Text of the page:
The graphics, or the silkscreened customs, are a bit different, explains Leeds. Unlike crocheted skirts and pearl necklaces, iconographic pieces transcend trends and appeal to a wider population. Whether worn ironically, like kitsch event t-shirts, or worn on purpose, like a rising brand The OGBFF “Nobody Really Likes Aperol Spritz” Shirt, the graphics apply to anyone who enjoys his messaging. The biggest and most problematic exception to this is corporate branding.
While labels like Supreme and Off-White have made their names by putting their signatures everywhere, local businesses don’t have the same appeal. Walking into the t-shirt sections of a thrift store you will find rows of graphics promoting businesses, 5k runs, and various promotions that make no sense to anyone outside of the group who are them. created. Unless something is recognizable or vintage – interesting collectors – branded goods will most likely end up in a landfill.
Leeds reports a recent New York Times characteristic, nicknamed “The Cotton Tote Crisis”. Just as the article explains, she says she has too many cotton bags, sporting company logos or ambiguous designs. While tote bags were created as a sustainable, reusable alternative to plastic bags, there are far too many in circulation for them to be considered more environmentally friendly, says Leeds.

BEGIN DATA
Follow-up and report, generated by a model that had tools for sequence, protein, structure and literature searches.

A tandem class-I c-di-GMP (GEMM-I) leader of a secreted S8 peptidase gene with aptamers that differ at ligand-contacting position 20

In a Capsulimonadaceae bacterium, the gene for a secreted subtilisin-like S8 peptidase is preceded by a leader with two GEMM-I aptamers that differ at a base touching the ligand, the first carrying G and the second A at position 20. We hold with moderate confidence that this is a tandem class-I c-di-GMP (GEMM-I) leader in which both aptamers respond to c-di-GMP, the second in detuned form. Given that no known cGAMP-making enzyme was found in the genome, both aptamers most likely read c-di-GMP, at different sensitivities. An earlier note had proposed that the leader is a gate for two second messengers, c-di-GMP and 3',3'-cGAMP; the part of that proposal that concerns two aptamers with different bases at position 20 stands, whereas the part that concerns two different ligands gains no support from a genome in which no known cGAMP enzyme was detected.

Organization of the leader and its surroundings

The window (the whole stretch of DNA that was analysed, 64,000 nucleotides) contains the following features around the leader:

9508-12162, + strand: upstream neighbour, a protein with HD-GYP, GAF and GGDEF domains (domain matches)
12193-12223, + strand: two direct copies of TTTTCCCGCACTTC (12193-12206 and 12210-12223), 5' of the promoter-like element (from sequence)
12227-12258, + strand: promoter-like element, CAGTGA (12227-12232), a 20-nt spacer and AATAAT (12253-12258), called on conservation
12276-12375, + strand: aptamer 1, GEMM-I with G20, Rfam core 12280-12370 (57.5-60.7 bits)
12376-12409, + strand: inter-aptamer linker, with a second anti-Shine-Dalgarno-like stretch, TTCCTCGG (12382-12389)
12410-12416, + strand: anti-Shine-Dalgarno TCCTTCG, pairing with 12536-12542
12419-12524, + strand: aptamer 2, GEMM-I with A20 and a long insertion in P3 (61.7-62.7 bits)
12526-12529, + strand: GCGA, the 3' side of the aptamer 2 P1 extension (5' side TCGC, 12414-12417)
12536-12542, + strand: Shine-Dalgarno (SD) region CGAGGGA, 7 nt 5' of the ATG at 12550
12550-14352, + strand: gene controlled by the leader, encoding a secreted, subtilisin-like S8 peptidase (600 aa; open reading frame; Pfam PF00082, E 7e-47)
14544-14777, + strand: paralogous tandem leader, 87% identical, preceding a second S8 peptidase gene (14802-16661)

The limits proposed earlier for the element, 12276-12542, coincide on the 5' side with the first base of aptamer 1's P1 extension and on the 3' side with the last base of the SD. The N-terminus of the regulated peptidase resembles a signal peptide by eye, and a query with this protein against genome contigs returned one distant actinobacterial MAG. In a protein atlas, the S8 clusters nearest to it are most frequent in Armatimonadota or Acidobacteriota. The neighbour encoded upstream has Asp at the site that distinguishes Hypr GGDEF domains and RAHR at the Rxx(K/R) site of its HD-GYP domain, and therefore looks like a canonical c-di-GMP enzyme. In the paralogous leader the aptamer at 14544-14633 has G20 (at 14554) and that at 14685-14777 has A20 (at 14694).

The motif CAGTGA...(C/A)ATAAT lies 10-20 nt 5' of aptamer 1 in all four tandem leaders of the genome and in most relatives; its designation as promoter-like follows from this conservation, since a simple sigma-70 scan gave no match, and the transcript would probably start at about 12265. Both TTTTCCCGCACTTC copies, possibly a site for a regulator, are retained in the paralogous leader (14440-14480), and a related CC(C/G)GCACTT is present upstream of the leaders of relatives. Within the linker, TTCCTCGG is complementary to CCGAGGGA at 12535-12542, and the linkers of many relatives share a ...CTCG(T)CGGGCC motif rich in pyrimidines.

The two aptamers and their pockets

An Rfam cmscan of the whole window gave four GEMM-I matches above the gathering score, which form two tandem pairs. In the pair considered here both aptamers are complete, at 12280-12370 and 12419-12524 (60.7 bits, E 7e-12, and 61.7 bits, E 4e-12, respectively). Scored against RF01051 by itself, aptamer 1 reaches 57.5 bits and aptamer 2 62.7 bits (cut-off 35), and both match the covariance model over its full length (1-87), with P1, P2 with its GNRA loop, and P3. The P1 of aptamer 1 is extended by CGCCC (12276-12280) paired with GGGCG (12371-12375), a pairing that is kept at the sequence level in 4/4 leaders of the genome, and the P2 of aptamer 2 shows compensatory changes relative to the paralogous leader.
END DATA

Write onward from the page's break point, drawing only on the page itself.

Likewise, branded hats, t-shirts and tote bags are polluting the planet. The item demographics are far more limited than even that of a crochet skirt, and bespoke manufacturers have started to realize: “Adding an additional non-removable logo shortens the lifespan of a garment, often a lot, for trivial reasons, “said the brand in its announcement.
Buying personalized clothing is much more sustainable than ordering corporate t-shirts in bulk, says Leeds. And as people continue to buy bespoke clothing – the number of consumers will only increase, she says – the market for resale of unique items will also increase. Whether personalized artists become recognizable names or the demand for handmade items increases, the future of fashion is personalized. “There are so many meanings to custom,” says Leeds; and this meaning is likely to change as large firms turn to smaller, more specialized production.
Yet producing anything – even if the items are ethically created or handmade – is less sustainable than sourcing from the billions of pieces of clothing that frequent thrift stores, vintage retailers, and ultimately landfills. . Now are you really going to keep this personalized piece forever, or will it just add to the stack?